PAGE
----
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-   -   First class as a teacher (http://www.aikiweb.com/forums/showthread.php?t=20368)

LinTal 10-02-2011 05:27 AM

First class as a teacher
 
Hi everyone,

This morning I had the pleasure of watching a good friend take his first weapons class. Would anyone like to share any impressions or learning experiences from the first class that youd taught?

Thanks,
Sel

Tim Ruijs 10-02-2011 09:39 AM

Re: First class as a teacher
 
It is been a few years since I first taught class. It was out of necessity: our teacher had stopped and we just wanted to continue, so we did. A friend of my and me took turns in teaching, but never thought much of it. Years later I was asked to teach in France for a group of 50 students on a seminar of my current teacher. That was great and tough. First there was the language barrier and next teach to my teacher's students? WOW. And it went well: They had fun and so did I. Not much later it proved it was a test! A few months later I started my own dojo. The first few lessons were pretty hard: I tried to almost cramp in all my knowledge in one hour. That did not work...

The thing that impressed me most was the respect you get when you take your position in front of the group.

graham christian 10-02-2011 10:35 AM

Re: First class as a teacher
 
Wow, too many. Prior to the class nerves that I hadn't felt before mixed with a feeling of entering an unknown place.

On entering the first class it was definitely for me a new experience. Like I had walked through a door into a desired yet brand new space. There I was, a teacher, yet thoroughly aware that in this new space I was a brand new student.

For an amazing experience.

Regards.G.

dapidmini 10-02-2011 08:10 PM

Re: First class as a teacher
 
Quote:

Tim Ruijs wrote: (Post 293876)
The first few lessons were pretty hard: I tried to almost cramp in all my knowledge in one hour. That did not work...

The thing that impressed me most was the respect you get when you take your position in front of the group.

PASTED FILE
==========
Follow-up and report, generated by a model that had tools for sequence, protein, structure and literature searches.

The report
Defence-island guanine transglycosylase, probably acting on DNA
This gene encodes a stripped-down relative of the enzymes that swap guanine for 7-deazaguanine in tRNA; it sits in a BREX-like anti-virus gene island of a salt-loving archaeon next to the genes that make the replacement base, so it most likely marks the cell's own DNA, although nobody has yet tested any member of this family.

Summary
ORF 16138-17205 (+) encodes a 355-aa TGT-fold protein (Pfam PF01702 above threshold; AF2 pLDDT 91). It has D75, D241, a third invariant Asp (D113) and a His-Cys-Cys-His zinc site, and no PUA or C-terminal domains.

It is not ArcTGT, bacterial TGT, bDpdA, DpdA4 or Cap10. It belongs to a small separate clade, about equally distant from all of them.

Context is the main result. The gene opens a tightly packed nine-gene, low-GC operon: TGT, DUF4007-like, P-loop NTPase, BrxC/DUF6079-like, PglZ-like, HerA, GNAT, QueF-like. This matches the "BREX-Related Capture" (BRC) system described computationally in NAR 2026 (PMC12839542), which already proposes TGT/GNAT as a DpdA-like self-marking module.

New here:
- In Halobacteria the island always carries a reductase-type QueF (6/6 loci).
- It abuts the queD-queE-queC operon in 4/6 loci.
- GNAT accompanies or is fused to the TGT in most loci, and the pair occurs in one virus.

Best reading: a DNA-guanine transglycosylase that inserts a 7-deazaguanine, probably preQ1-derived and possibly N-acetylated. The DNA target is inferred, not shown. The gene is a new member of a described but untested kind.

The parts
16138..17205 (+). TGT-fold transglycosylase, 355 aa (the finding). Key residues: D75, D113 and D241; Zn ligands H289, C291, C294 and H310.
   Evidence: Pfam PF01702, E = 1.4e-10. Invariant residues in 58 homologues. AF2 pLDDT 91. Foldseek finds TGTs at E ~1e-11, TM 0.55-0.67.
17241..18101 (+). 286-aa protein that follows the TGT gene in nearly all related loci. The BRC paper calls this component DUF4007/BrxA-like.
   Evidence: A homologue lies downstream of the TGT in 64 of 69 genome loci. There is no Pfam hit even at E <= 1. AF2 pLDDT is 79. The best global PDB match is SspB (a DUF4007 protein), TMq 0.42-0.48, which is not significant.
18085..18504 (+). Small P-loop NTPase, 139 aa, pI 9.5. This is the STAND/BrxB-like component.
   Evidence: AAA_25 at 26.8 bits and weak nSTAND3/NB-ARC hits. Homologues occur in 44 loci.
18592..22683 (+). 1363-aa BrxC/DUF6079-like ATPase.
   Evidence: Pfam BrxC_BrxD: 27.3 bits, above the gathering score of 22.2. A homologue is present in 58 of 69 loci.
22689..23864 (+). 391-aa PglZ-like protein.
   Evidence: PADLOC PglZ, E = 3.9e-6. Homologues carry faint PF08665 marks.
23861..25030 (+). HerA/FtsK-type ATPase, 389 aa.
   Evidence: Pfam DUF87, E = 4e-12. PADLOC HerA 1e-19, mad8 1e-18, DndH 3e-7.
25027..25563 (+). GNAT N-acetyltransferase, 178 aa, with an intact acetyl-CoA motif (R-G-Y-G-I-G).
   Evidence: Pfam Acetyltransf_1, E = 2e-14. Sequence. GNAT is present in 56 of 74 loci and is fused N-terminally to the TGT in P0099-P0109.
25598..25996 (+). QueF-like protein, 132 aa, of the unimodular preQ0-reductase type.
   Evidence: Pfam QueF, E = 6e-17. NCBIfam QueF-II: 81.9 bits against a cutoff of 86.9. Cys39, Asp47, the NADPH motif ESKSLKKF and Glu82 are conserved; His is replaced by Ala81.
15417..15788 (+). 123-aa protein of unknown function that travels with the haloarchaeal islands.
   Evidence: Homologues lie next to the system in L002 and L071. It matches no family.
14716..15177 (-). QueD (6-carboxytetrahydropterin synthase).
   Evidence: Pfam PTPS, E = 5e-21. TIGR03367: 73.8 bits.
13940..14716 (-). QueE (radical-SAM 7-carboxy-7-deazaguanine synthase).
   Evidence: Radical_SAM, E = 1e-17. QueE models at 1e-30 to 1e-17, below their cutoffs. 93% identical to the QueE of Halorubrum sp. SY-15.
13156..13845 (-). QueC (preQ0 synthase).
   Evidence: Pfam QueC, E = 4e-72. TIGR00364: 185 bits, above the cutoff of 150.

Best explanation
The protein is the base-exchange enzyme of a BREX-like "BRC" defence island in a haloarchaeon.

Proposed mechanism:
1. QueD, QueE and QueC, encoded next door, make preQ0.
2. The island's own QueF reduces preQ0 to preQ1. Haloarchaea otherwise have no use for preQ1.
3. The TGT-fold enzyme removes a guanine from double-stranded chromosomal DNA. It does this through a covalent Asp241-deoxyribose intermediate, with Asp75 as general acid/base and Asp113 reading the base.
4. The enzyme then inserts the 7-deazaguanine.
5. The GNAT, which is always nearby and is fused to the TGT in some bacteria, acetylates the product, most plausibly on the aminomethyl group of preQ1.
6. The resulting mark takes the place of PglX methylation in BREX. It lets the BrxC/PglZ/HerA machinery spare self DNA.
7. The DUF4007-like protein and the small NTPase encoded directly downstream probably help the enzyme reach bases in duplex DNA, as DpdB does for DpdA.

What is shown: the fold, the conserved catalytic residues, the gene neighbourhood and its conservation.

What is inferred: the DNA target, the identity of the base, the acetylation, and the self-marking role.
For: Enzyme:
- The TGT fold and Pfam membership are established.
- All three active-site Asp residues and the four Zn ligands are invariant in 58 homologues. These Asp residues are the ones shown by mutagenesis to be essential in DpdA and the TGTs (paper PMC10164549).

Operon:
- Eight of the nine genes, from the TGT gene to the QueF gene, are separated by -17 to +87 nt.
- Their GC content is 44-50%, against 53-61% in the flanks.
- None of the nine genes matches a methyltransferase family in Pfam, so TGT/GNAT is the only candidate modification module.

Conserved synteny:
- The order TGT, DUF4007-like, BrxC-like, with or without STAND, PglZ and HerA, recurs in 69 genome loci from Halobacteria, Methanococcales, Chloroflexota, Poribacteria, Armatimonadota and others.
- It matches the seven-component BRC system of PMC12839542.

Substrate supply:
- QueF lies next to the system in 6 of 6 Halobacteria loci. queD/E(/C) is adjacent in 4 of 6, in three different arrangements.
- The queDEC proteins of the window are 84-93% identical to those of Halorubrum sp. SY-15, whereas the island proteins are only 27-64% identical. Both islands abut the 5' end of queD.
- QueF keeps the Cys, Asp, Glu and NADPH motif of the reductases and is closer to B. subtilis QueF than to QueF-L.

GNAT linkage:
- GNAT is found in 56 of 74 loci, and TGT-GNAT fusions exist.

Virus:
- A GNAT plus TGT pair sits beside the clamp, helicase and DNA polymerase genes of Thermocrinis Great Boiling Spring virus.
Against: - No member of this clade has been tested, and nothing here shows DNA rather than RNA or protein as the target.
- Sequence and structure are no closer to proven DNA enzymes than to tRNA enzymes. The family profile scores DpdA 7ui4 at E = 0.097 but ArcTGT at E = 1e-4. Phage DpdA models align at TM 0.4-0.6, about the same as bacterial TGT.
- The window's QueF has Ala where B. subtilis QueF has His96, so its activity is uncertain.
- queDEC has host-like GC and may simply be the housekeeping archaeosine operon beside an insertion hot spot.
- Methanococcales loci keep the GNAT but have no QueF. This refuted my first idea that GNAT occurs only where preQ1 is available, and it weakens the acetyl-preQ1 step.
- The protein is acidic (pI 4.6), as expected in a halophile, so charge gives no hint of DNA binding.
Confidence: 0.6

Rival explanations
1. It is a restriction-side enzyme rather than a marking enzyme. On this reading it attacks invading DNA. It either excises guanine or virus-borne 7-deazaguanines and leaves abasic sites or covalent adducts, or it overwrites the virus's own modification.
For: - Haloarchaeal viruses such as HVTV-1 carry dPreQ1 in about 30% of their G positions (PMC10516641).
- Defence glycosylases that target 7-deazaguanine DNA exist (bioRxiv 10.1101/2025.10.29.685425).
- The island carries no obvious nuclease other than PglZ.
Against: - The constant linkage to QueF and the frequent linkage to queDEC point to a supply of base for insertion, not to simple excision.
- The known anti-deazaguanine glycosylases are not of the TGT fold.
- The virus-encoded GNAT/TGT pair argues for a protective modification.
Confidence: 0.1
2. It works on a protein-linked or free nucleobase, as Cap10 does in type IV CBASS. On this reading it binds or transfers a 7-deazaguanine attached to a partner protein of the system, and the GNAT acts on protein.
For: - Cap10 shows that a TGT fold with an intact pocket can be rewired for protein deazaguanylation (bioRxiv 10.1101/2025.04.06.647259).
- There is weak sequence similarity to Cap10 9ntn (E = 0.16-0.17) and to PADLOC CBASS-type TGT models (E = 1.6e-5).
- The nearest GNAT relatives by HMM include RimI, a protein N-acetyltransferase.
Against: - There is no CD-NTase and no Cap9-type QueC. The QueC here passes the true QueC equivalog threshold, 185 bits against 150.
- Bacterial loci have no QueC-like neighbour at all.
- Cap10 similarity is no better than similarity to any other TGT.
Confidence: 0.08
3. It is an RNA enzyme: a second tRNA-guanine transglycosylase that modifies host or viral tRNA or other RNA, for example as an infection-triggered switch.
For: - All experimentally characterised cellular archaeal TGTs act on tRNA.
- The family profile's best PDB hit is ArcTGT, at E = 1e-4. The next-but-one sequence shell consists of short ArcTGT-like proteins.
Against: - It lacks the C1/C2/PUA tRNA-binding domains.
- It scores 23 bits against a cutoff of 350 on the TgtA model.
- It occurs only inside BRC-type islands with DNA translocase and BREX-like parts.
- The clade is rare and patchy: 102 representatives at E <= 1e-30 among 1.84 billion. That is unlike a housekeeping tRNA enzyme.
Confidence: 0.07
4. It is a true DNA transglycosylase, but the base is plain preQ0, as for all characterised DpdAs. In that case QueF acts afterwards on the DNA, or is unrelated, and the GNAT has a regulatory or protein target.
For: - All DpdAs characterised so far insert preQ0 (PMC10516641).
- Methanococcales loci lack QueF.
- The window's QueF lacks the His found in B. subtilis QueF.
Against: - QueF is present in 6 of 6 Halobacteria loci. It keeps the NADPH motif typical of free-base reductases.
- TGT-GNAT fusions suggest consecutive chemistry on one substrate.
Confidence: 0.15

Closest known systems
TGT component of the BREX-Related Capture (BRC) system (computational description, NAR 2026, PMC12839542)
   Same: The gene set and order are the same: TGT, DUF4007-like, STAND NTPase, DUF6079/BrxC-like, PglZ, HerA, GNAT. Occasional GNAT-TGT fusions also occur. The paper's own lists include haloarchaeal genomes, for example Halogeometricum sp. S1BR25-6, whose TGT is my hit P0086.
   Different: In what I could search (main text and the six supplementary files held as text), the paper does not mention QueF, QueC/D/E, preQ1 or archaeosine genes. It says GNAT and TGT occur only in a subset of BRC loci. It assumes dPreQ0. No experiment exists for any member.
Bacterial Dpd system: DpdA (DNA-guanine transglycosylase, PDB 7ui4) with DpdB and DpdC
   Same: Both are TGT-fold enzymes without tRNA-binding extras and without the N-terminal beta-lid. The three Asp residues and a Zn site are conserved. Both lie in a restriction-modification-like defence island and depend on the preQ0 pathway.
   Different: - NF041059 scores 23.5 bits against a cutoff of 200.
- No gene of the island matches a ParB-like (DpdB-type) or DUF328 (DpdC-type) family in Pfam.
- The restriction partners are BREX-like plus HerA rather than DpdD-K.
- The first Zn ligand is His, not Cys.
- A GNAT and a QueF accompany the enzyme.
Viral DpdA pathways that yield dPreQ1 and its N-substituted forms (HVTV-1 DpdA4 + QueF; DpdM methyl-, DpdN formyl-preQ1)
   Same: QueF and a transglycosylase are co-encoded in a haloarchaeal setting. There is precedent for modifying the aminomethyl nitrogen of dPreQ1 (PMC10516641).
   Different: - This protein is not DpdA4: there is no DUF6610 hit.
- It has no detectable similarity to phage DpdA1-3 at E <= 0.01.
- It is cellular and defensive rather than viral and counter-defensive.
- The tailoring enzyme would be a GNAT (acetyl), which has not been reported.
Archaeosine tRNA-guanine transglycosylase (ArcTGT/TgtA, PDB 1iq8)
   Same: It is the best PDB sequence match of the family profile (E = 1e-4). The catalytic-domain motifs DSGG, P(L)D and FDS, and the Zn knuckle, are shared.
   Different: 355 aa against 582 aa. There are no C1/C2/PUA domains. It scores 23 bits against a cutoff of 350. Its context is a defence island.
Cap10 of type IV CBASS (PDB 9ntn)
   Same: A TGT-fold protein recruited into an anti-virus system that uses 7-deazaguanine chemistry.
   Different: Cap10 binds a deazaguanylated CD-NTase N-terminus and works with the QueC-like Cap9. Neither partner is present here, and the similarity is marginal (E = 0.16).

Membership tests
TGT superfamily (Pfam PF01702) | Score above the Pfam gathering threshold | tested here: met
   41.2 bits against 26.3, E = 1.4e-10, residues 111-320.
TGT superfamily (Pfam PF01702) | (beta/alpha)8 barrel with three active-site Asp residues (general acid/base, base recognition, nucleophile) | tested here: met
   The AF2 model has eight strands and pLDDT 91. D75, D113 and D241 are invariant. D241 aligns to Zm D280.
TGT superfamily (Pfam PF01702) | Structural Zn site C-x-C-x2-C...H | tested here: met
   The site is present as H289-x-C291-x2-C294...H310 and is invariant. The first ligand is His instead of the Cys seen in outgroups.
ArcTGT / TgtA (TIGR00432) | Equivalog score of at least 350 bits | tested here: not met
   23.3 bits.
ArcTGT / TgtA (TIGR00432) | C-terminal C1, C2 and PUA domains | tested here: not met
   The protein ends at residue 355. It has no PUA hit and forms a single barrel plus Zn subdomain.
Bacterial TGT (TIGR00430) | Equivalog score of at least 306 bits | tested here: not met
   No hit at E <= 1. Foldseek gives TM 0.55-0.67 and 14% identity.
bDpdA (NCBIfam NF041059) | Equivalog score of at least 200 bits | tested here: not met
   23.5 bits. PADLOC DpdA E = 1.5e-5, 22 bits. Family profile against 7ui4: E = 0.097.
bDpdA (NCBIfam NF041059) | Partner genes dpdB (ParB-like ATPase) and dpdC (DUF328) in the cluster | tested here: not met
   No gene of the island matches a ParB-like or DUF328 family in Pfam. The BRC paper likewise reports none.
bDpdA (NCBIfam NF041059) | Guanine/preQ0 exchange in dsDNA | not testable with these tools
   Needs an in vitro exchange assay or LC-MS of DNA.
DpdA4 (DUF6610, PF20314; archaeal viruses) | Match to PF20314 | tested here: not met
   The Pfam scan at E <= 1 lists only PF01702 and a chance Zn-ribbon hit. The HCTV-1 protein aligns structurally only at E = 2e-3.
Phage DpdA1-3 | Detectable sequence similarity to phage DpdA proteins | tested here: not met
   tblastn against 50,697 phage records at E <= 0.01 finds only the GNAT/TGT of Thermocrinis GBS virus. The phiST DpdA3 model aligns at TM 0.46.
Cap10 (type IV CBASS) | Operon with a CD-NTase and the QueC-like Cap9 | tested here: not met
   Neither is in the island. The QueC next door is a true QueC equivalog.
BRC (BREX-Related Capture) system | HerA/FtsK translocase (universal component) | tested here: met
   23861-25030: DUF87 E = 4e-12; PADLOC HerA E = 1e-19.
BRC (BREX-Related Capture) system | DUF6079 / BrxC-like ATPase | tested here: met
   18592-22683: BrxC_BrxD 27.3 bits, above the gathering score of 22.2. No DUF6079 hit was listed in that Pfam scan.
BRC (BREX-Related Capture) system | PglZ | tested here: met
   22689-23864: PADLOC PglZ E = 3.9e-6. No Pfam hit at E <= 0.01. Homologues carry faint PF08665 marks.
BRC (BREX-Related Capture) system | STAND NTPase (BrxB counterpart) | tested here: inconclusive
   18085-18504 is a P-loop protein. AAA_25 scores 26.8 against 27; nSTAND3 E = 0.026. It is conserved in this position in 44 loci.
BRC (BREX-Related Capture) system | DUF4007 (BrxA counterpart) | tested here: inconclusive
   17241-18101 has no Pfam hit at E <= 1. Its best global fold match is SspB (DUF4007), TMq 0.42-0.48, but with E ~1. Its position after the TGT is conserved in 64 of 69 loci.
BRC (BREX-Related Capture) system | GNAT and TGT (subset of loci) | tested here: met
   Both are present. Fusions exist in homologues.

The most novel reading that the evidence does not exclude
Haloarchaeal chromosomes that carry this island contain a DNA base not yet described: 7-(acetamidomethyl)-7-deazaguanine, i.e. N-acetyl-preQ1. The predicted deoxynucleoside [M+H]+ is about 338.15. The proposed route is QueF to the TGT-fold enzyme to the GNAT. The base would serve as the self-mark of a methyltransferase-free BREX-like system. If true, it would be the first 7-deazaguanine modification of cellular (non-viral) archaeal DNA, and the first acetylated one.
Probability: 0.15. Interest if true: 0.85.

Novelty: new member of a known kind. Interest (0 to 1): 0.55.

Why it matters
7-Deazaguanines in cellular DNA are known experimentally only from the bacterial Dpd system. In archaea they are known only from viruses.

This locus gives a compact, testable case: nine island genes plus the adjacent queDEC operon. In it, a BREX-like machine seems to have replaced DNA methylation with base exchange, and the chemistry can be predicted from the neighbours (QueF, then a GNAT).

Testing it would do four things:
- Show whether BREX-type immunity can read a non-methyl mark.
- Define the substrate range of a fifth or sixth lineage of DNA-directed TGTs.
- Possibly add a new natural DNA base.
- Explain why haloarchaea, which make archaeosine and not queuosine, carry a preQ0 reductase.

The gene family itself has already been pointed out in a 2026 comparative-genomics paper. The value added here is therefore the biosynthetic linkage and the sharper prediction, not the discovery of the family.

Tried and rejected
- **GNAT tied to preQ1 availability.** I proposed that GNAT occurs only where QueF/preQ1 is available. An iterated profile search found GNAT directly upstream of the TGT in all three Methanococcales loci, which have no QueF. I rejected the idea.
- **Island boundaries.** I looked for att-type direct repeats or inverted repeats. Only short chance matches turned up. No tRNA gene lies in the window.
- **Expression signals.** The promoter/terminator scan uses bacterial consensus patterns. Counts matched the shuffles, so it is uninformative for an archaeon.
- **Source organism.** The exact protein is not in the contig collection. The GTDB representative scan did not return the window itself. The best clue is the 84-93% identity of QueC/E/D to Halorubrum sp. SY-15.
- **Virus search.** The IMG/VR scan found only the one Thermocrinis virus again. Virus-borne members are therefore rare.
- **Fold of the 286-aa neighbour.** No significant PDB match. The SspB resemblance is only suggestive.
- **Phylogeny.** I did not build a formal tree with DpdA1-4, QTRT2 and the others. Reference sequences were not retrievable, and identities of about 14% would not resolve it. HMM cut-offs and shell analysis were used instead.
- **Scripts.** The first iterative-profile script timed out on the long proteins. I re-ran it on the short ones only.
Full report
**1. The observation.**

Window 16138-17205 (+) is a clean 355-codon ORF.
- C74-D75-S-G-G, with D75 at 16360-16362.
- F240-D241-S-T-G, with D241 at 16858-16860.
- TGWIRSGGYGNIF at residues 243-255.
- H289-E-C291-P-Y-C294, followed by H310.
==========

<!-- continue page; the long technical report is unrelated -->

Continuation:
couldn't agree more about those two points. :D when I first asked to teach the class, I didn't know what technique I should give them. later on I figured that since my Sensei just loves teaching henkei waza, I'll just teach the basic things.. it turned out okay, though some - if not all - of them are soon bored with basic repetitions..:dead:

Tim Ruijs 10-03-2011 12:55 AM

Re: First class as a teacher
 
I have learned that students want to do different things, the teacher wants them to do the same thing. So you have to trick them. Have them work on ma ai for instance and find techniques that are more sensitive to correct ma ai. They think to do many different technques, but in fact they work on the same aspect: ma ai. Both parties happy!

graham christian 10-03-2011 09:54 AM

Re: First class as a teacher
 
Another interesting couplle of things I found. First was the shock on some faces when they ask a question and the the answer I give is a straight 'I don't know.' Usually followed by 'Let's see.'

Whenever someone asks 'what would you do if ?' I always answer 'I don't know'

On the other side of the coin so to speak how many times have you been put in a situation as a teacher and automatically come up with the solution. Only to look back later and wonder how comes you knew that.

It's as if we don't validate sometimes how much we do know. Maybe it's because we're too focused on what else we want to learn.

Regards.G.

LinTal 10-03-2011 02:10 PM

Re: First class as a teacher
 
I must admit that one of the most valuable parts of my learning journey is just that. Seeing my Sensei's Sensei's come and teach a seminar and being injured enough to sit back and watch the black belts learn have been incredibly profound experiences for me.